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Found 12 results

  1. RuMert

    Gryphea from Timonino

    From the album: Late Jurassic bivalves of European Russia

    Gryphea from Timonino quarry, Moscow Oblast, Oxfordian
  2. RuMert

    Syzran Grypheas

    From the album: Late Jurassic bivalves of European Russia

    Grypheas from Syzran, Samara Oblast, Oxfordian amid other finds
  3. RuMert

    Syzran Gryphea

    From the album: Late Jurassic bivalves of European Russia

    Big Gryphea from Syzran, Samara Oblast, Oxfordian
  4. RuMert

    Peski Gryphea

    From the album: Late Jurassic bivalves of European Russia

    Moscow Oblast, Peski quarry, Middle Oxfordian
  5. RuMert

    Almost micro 3

    Hi all! This is another report from Oxfordian quarries in the vicinity of Moscow. Previous 1 (Peski) Previous 2 (Timonino) Peski again. If you read my fossil sites overview, you know that Peski quarry is a unique site where you could find lots of Carboniferous fossils, Middle Jurassic dinosaurs, calcitic Callovian ammonites and very good Oxfordian gastropods. The latter are the most numerous and easier to search for. My trip took place in April and was mostly a success with a good variety of finds
  6. Hi all! You know I visit my favorite Volga river site (Ulyanovsk Oblast) more or less often, but this time I decided to give a try to another well-known Jurassic-Cretaceous site on the Volga river, located in the nearby Samara Oblast (city of Syzran). It's famous for its iridescent ammonites as well as marine reptile finds. I hoped to discover a real alternative to the Ulyanovsk site particularly as the conditions are very similar: surface collecting on river bank. Here the Ulyanovsk site is to the north, Syzran to the south. The latter is home to two distinct locations
  7. PesiMs

    Fossil Creek, Texas

    Finds from Buffalo Creek park on Fossil Creek in Texas. This is a very busy park and there are sometimes questionable people around. I did however meet a nice guy, looked like Gandolf, minus some teeth, who gave me my only unsquished sea urchin. How can you keep the top layers of the sea urchins from chipping off? First photo are ammonites and some pieces of ammonites. Second photo are my sea urchins, with one tiny bivalve and also some devil toenails, gryphea in a clump. Third photo gryphea. Fourth photo sea urchin. Fifth photo I don't know yet what it is, but it's pretty cool.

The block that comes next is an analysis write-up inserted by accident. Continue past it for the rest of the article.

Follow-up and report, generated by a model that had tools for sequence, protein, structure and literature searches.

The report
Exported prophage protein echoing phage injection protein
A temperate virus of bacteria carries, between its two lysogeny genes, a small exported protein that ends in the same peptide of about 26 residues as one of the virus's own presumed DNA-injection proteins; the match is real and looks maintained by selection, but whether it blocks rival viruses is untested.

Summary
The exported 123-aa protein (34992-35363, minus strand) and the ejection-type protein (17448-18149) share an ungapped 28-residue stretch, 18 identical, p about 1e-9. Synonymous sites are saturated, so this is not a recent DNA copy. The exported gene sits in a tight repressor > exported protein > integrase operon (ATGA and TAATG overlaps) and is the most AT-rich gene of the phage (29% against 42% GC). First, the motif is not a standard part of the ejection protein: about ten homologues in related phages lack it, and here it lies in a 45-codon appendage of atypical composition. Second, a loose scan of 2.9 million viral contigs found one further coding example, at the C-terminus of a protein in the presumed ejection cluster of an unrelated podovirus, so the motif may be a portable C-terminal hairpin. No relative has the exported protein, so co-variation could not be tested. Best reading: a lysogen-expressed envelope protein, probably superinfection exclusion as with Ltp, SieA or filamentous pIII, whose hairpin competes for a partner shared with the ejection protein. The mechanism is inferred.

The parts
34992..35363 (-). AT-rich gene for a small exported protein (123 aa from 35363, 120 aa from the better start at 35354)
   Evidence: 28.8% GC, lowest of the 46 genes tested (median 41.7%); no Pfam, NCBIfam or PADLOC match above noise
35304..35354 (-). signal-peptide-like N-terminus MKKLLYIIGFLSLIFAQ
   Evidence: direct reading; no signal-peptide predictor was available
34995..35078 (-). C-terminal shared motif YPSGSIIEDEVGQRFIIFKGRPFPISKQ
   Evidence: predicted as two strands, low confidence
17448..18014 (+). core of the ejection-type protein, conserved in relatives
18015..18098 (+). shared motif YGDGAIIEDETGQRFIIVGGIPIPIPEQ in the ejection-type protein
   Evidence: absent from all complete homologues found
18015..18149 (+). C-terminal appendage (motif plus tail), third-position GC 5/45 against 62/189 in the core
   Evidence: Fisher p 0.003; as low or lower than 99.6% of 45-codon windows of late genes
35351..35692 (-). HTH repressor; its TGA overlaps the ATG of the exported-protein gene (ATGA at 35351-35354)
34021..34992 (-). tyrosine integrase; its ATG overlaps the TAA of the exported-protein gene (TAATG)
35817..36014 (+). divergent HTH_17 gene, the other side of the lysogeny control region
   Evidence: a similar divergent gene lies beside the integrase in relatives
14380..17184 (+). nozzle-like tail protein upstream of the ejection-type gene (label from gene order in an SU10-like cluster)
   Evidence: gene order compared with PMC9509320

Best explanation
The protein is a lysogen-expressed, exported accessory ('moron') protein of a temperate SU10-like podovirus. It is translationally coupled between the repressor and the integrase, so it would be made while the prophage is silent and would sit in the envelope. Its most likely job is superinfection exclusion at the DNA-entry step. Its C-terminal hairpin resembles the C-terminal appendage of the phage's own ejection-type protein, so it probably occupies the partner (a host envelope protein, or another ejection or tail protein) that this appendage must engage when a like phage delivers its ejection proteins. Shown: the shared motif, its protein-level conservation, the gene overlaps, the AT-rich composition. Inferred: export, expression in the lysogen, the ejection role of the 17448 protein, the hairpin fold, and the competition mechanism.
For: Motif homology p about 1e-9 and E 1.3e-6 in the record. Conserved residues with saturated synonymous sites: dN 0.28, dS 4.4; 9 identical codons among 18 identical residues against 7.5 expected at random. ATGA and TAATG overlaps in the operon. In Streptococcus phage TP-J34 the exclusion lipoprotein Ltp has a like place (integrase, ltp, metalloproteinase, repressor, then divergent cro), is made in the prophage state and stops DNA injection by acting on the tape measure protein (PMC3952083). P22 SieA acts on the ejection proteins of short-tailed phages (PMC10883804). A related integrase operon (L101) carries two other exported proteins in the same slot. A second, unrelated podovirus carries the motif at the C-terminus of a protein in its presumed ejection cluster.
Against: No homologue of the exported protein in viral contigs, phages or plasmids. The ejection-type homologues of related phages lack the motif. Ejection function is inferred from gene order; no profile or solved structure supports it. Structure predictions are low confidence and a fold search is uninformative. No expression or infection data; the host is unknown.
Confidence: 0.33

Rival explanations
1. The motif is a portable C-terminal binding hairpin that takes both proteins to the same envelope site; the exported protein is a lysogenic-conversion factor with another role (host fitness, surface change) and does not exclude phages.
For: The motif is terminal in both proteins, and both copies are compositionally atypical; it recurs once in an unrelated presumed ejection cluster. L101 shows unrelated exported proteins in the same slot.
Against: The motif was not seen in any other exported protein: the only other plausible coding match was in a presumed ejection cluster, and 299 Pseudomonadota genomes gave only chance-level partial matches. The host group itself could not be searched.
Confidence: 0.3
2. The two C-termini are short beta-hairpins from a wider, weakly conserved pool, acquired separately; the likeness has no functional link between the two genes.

8. Finds from North Sulfur River in Ladonia Texas. Baculite part of a nautilus. Baculite Bits of Baculite All the layers of a huge gryphea On left 2 huge gryphea. Red and black baculite. the algea covered thin over TX I thought could be the underside of a sea urchin. Sorry a few rocks snuck in there and at the top at first I thought it was a chunk of petrified wood but now am thinking it could be a wore down bone fragment.
  9. RuMert

    Almost micro 2

    Hi all! Today I'd like to introduce you to another place to hunt for small Oxfordian fossils, a quarry by the village of Timonino, located to the east of Moscow. The finds and hunting method are pretty much the same as in the previous site. Basically, surface collecting small Oxfordian fossils, usually gastropods, is a distinct sort of fossil hunting in the Moscow region. To the east of the city lies a sort of "Oxfordian belt" with similar geologic setting, finds and hunting conditions. Here's a map of the Oxfordian sites in the region. The quarries in operation are marke
  10. I_gotta_rock

    Shell Made its Own Pedistal

    From the album: Delaware Fossils

    A Gryphea vomer bivalve made itself at home atop the internal mold of a tiny Baculites ovatus cephalopod. The whole thing is about 3 cm tall. Found in the Cretaceous spoils sands of the C&D Canal, Delaware
  11. Hello, I found this. It looks like a bit of a large gryphaea, but it's probably not. Sorry there's no scale, it is 6cm long. I found it in Northamptonshire, UK. Thanks.
  12. I am fortunate to live in a fossiliferous neighborhood in Fort Worth Texas. Not only have I found a strata of gryphea across the street from my house, but I have found pelecypods in my backyard and an ammonite in Arcadia park down the street from where I live. Just recently I found more gryphea in my yard. All of the fossils in my neighborhood are, according to my research, Lower Cretaceous in age. I took one of my grandsons down to one site a mere one hundred yards from my home and he found excellent specimens of gryphea. (Samples are attached). Have any of my fellow Texans found gryphe
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